Children at Valley Christian School stood quietly in a raised choir stand while some of their friends scurried behind a black curtain to set up for a puppet show, part of the annual Grandparents Day assembly on Tuesday.
The short skit between hymns portrayed a fictional Thanksgiving table like the ones many kids themselves might soon join. The son celebrated “no school and food, lots of it,” while the father spoke about “a whole day of nothing but football.” The daughter looked forward to Black Friday shopping and the mother to decorating the house for Christmas.
“I think you’ve left something out, like saying thank you,” the wise grandfather said as a girl with an outstretched hand moved his mouth, bobbing her head and quietly speaking the words to herself behind the curtain. The puppets bowed their heads in prayer as the grandpa continued: “As we enjoy the blessings of our lives, let’s not forget to thank the Creator and Lord who provides them all. And to you, Lord, who loves us and gives us everything we need, we give thanks for this meal and all of your blessings. Amen.”
Every year for nearly a decade, the school has recognized grandparents as among the important blessings in their students’ lives with a half-day of activities just before Thanksgiving, when relatives might already be visiting from out of town.
In the morning, hundreds of grandparents tour the classrooms, working with their grandchildren on craft projects such as knitted frames. They then gathered in the gym for a music program. After that, sixth-graders hosted a lunch for their grandparents, personally serving them food and coffee.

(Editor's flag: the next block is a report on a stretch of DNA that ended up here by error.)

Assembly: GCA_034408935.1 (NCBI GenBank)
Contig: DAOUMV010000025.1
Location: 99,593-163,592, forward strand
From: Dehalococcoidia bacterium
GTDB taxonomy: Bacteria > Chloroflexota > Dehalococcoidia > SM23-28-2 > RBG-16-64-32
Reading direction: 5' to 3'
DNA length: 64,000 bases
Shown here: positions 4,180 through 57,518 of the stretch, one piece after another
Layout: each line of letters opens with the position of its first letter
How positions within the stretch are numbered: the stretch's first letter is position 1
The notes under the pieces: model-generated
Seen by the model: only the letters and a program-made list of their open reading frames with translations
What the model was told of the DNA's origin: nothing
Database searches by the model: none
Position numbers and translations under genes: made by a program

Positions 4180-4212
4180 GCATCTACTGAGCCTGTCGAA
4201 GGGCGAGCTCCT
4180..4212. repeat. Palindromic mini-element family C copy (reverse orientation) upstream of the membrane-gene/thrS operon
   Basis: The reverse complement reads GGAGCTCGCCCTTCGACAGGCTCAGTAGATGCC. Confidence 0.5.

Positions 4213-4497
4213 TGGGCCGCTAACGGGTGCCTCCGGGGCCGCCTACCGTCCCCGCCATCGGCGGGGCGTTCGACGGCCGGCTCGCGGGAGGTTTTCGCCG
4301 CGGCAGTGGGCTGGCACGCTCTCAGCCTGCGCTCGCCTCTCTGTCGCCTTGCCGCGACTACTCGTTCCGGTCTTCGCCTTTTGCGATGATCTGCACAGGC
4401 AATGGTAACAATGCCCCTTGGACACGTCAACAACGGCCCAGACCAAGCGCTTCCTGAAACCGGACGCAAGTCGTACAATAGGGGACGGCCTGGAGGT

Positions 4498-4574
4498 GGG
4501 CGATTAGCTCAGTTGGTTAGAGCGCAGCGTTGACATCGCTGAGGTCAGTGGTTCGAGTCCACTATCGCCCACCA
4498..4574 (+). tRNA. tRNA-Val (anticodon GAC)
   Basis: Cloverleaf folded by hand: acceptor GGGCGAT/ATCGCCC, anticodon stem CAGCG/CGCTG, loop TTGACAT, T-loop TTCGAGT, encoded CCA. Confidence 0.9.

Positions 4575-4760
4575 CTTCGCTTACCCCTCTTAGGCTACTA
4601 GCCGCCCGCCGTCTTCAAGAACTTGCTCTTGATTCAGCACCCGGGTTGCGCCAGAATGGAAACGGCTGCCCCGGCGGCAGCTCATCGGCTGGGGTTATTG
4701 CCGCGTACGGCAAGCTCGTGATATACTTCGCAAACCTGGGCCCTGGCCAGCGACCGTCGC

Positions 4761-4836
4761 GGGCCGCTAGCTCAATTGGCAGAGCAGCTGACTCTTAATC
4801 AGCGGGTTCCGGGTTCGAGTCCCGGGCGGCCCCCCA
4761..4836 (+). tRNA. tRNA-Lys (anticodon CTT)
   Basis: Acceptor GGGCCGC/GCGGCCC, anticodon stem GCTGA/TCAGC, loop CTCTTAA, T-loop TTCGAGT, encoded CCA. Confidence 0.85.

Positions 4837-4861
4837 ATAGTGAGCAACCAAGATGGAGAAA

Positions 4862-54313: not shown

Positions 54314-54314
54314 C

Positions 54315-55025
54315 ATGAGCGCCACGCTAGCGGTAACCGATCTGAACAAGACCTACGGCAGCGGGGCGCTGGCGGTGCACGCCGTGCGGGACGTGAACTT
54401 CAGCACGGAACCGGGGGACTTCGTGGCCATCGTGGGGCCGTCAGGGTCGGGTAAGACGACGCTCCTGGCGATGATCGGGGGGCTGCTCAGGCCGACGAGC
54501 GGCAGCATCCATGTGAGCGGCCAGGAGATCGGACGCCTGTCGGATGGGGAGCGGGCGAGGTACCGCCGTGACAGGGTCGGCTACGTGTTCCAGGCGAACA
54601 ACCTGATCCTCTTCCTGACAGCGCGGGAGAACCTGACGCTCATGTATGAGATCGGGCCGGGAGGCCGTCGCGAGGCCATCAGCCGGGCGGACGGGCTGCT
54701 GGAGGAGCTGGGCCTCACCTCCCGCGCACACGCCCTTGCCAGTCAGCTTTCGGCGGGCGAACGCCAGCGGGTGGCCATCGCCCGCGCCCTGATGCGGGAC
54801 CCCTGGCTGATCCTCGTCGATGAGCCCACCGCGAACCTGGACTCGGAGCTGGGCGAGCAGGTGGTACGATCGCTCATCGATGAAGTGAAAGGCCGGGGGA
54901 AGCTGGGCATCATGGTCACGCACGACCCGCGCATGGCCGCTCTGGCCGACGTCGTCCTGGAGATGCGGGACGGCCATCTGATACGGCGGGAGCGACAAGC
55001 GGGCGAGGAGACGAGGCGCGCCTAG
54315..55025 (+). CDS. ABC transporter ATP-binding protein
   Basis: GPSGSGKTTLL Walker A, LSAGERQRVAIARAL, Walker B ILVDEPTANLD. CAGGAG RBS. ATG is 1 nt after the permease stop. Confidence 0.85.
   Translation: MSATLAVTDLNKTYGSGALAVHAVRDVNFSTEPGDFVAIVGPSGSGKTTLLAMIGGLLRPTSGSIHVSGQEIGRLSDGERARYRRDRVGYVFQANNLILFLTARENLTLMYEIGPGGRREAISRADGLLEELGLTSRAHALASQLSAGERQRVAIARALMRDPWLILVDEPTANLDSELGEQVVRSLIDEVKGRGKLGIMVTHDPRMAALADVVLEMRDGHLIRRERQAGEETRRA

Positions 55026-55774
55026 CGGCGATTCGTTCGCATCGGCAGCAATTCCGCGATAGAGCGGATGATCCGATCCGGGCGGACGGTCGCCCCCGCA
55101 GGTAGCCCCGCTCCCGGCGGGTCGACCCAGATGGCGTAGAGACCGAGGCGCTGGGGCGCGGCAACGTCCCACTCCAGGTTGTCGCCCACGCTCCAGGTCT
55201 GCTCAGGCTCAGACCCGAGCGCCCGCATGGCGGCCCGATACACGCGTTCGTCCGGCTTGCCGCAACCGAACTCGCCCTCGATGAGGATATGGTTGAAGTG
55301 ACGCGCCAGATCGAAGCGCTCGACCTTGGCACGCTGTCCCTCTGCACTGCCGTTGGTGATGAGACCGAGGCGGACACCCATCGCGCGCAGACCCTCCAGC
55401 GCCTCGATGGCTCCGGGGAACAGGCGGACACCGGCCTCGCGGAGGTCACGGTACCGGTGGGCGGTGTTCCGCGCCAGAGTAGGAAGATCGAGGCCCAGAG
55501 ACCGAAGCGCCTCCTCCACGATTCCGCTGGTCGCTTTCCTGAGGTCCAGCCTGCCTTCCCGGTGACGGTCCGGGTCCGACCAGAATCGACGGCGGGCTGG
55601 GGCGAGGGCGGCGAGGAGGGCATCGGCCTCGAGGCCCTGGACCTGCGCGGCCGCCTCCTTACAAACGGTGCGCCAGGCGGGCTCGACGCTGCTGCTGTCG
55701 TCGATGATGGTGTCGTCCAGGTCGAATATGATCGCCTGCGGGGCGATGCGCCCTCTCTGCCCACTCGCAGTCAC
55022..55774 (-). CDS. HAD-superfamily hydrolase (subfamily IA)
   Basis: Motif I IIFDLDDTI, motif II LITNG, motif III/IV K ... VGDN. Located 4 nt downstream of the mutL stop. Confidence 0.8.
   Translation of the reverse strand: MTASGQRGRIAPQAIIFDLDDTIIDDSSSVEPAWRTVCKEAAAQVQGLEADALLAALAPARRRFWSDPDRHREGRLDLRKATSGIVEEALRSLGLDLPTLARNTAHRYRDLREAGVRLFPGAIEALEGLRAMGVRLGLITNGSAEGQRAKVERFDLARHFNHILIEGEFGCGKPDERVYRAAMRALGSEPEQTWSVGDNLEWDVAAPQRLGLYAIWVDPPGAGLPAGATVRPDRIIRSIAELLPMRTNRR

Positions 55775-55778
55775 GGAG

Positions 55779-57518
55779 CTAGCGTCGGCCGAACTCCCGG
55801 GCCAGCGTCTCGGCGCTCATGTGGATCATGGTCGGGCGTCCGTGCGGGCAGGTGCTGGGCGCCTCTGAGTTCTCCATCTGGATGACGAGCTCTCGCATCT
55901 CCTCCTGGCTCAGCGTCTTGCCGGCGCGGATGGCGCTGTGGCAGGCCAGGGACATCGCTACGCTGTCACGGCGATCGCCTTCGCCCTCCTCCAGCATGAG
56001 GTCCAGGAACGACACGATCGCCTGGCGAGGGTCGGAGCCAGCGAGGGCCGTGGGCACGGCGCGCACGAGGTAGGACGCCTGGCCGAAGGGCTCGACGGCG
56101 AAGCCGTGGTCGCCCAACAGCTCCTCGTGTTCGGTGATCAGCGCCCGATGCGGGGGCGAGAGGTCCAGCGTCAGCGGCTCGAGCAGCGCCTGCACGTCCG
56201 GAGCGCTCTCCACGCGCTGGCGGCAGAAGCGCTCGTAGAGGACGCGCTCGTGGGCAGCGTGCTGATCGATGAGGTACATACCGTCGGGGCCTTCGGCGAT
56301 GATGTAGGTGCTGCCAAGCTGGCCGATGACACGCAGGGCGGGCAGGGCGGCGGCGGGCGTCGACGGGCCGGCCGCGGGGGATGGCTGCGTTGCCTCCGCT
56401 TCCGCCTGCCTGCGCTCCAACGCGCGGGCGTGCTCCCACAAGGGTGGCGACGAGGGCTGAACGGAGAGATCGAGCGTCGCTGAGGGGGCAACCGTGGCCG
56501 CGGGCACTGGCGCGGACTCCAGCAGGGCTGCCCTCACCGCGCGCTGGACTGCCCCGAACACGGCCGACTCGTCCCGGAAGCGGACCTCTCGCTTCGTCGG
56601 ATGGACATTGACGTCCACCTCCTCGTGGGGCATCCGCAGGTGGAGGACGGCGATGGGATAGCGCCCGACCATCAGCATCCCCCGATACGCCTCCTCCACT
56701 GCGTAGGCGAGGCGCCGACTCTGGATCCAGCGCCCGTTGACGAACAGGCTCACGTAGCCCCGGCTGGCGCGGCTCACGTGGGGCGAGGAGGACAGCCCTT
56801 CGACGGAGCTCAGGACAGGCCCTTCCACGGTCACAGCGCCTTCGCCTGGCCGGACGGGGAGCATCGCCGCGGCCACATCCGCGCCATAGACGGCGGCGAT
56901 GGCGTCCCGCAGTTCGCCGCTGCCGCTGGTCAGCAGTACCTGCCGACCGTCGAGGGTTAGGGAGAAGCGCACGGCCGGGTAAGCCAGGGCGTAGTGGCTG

Head of School Dave Entwistle welcomed the families to the gym Tuesday before the assembly and read Psalm 78 from the Bible, which describes the importance of elders to continuing values and tradition.
“What our fathers have told us we will not hide from their children. We will tell the next generation the praiseworthy deeds of the Lord, his power and the wonders he has done,” he read. Then he added, “These are God’s words talking about you all as grandparents. You have a huge part to play in the lives of these precious grandkids.”
Debra Bernhart drove to Missoula from Post Falls, Idaho, on Tuesday morning after being unable to leave a day earlier because of closed roads. She was glad to make it just in time to see the school’s music program and to have lunch with her 11-year-old granddaughter, Riley, who is in sixth grade.
“It’s a happy place,” Bernhart said, noting she often receives compliments about Riley’s manners, which she attributes to the school’s teachings about respect. “It’s nice to have that in a school system.”
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Her granddaughter said it is important to honor “my mom’s and dad’s parents.”
“It’s what Jesus would want you to do. He was kind to others,” she said, noting her the grandmother sitting next to her is “kind and gives us lots of sweets, and I love her for that.”
Ken and Louise James of Polson will host family at their home for Thanksgiving but made the drive down to Missoula Tuesday to see their third Grandparents Day assembly. They are grateful for the chance to see the progress made by their grandson, 11-year-old Bridger Serna, academically and in his spiritual life.
“We’re glad for him. We’re here to support him,” he said.
“They learn about the Lord,” she said. “It gives them a Christian foundation.”
Bridger, like all sixth-graders, had taken an etiquette class on Monday to learn “who to greet first and how to act” as they served their elders lunch. He said it is important “to have family.”
Earlier, as children sang at the assembly, grandparents took photos or recorded the moment on camcorders and cellphones. Many sang along to the worship songs and some raised their hands in praise.
“The joyous thing to me was all those kids and their voices coming out, just so loud and boisterous,” Karen Bertapelle said. Her husband, Al, added, “My granddaughter in kindergarten, she was singing every word of every song. I watched her. It’s amazing to me.”
They acknowledge their family is blessed.
“Hopefully, we have passed something on to them that is good for them,” Al Bertapelle said of his grandchildren.
“They need to know that they’re loved so much by all of us,” Karen Bertapelle said. He added, “And are they ever.”